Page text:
[ Reply to This | # ]

    today I god a cd
    Authored by: energyman on Tuesday, January 03 2006 @ 09:45 PM EST
    Mezmerize from System Of A Down.

    The first thing I did: opening the auidiocd:// plugin of
    konqueror and copied the whole cd as high quality
    ogg's into my ogg-folder.

    After that I took the cd out of the drive and put it
    away safely.
    This way I can jump around in the soungs, listen to
    the same point over and over again without the fear of
    damaging a drive or cd.

    [ Reply to This | # ]

    Mozart's feat only awe inspiring to non-musicians
    Authored by: davidf on Wednesday, January 04 2006 @ 04:36 AM EST
    I find it quite odd that people think writing down a piece of music after
    hearing it is some sort of magical or even remarkable feat. While it might be
    for a 12 year old boy. It is not for a skilled musician. But then I have studied
    music all my life.

    As Richard Stallman pointed out in his lecture on software pantents, what a
    professional in one field sees as common place and simple, others not familiar
    with it see it as remarkable and uniuqe. That is a lovely myth about Mozart's
    brilliance as a child. But for a musician writing down what he heard is they
    same as a secretary taking dictation on a note pad or a court repporter being
    able to acurately trancsribe the proeceedings by hand. While it is a laudible
    skill, its not something that is totally uniuque. The Vatican, it seems did not
    understand that what can be heard can be written down. It seems that Music
    Publishers share the same short sightedness with the Vatican.

    Other musicians of the time could have done the same thing,for example, Franz
    Joseph Haydn. However they were to busy writing music for their own employers.
    Haydn was employed for most of his life as the court composer for Prince
    Nikolaus Esterházy. For an interesting account of Haydn's life, and of the times
    in which both he and Mozart lived, read this essay:
    < > .

    Haydn himslef was concerned about owning the rights to the music he wrote for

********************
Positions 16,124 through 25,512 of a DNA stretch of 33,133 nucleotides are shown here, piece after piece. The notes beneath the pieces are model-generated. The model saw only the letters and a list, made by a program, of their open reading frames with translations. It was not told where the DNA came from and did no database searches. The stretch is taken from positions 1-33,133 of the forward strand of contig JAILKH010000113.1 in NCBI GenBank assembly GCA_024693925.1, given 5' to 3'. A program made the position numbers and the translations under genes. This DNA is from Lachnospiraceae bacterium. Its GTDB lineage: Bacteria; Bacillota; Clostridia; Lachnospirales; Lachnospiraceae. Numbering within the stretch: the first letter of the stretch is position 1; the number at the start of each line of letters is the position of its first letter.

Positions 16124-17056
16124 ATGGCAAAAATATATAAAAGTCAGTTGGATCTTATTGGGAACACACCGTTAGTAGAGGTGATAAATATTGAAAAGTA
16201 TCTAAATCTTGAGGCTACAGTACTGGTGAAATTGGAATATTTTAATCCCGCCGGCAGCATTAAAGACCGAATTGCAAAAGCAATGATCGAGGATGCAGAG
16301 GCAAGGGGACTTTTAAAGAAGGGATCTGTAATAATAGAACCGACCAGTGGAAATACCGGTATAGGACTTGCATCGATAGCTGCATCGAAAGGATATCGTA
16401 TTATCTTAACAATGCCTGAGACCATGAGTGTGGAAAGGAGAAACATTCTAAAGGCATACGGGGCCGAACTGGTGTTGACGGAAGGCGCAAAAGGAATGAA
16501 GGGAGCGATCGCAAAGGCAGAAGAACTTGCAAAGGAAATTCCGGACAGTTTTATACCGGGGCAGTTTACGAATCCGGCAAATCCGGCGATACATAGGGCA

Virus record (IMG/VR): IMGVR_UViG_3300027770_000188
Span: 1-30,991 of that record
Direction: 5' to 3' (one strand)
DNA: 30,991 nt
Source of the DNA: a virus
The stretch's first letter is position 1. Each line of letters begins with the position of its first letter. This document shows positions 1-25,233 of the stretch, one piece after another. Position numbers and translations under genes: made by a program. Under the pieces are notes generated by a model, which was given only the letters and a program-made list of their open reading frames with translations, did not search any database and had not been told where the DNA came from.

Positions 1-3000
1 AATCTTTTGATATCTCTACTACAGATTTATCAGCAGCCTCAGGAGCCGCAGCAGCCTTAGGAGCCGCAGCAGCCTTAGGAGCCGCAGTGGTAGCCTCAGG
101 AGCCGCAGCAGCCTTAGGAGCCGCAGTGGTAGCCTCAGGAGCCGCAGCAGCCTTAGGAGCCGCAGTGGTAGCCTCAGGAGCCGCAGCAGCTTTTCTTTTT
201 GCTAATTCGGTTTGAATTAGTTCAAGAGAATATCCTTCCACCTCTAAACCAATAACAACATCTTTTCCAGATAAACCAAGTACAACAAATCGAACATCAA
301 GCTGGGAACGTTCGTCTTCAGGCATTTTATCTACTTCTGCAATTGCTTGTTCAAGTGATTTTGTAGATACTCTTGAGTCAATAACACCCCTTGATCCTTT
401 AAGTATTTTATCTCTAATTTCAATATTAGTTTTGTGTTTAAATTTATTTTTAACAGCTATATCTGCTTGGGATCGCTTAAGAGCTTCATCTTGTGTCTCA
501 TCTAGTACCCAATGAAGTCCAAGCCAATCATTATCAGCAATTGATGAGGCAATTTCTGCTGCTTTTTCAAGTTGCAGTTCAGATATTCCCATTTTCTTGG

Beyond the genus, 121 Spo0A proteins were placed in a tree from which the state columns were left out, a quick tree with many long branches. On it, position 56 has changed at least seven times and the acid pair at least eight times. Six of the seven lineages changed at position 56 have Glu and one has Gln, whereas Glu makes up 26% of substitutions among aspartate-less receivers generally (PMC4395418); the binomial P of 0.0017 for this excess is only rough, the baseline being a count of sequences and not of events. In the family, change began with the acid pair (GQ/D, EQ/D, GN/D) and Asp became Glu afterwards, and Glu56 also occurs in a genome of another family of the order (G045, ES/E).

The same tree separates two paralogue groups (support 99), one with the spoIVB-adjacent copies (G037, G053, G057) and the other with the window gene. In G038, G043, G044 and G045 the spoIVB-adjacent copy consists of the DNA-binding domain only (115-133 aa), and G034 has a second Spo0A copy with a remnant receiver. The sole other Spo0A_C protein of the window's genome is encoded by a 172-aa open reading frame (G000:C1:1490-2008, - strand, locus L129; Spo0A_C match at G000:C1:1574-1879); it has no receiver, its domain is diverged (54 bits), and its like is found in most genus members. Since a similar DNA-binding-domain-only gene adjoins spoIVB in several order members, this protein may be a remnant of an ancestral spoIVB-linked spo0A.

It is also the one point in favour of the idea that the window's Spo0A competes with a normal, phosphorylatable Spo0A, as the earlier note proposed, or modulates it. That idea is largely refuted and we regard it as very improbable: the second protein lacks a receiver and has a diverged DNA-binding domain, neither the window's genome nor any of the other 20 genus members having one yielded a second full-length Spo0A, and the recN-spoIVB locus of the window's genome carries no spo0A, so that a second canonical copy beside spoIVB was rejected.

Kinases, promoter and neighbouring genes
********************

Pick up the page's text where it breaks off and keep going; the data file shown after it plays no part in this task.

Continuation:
the court and worked diligently to keep the rights to his work. He was also
    concerned about people stealing his music and passing it off as their own. As
    well, he had reason to be concerned that some composers were selling their own
    scores as Haydn's work because they would fetch more money.

    None of these rights issues are new it seems. By the way, Mozart and Haydn new
    each other hand they both had great respect and admiration for the other.



    [ Reply to This | # ]

    How I found links to Mozart's Clarinet Quintet K. 581 for free download
    Authored by: Arthur Marsh on Wednesday, January 04 2006 @ 01:27 PM EST

    For the benefit of PJ and everyone else, I did a search on for Mozart's Clarinet Quintet K. 581 using the search string:
    mozart "clarinet quintet" download
    and found on the fourth results page the URL: which contains links to MP3 files of the music itself, which I have not downloaded, but verified as valid links using the the link checker at, so feel free to browse, download and give the brave clarinetist who made these recordings available a thankyou.


    [ Reply to This | # ]

    More DRM Follies - The Coldplay Edition
    Authored by: Anonymous on Wednesday, January 04 2006 @ 02:41 PM EST
    It's remarkable how many posters miss one simple technological point: if there
    is even one dumb CD player in the world that will play the Coldplay disc, that
    means there is unencrypted Red Book audio on the CD. It isn't necessary to make
    an analog conversion or to capture streaming digital audio on its way to the
    sound card. All that is necessary is to configure the computer as a dumb CD
    player, which on a Windows machine means turning off Autorun/Autoplay.
    How can it be a violation of the DMCA to extract digital content that is not
    encrypted and to which access is therefore not prevented by a technological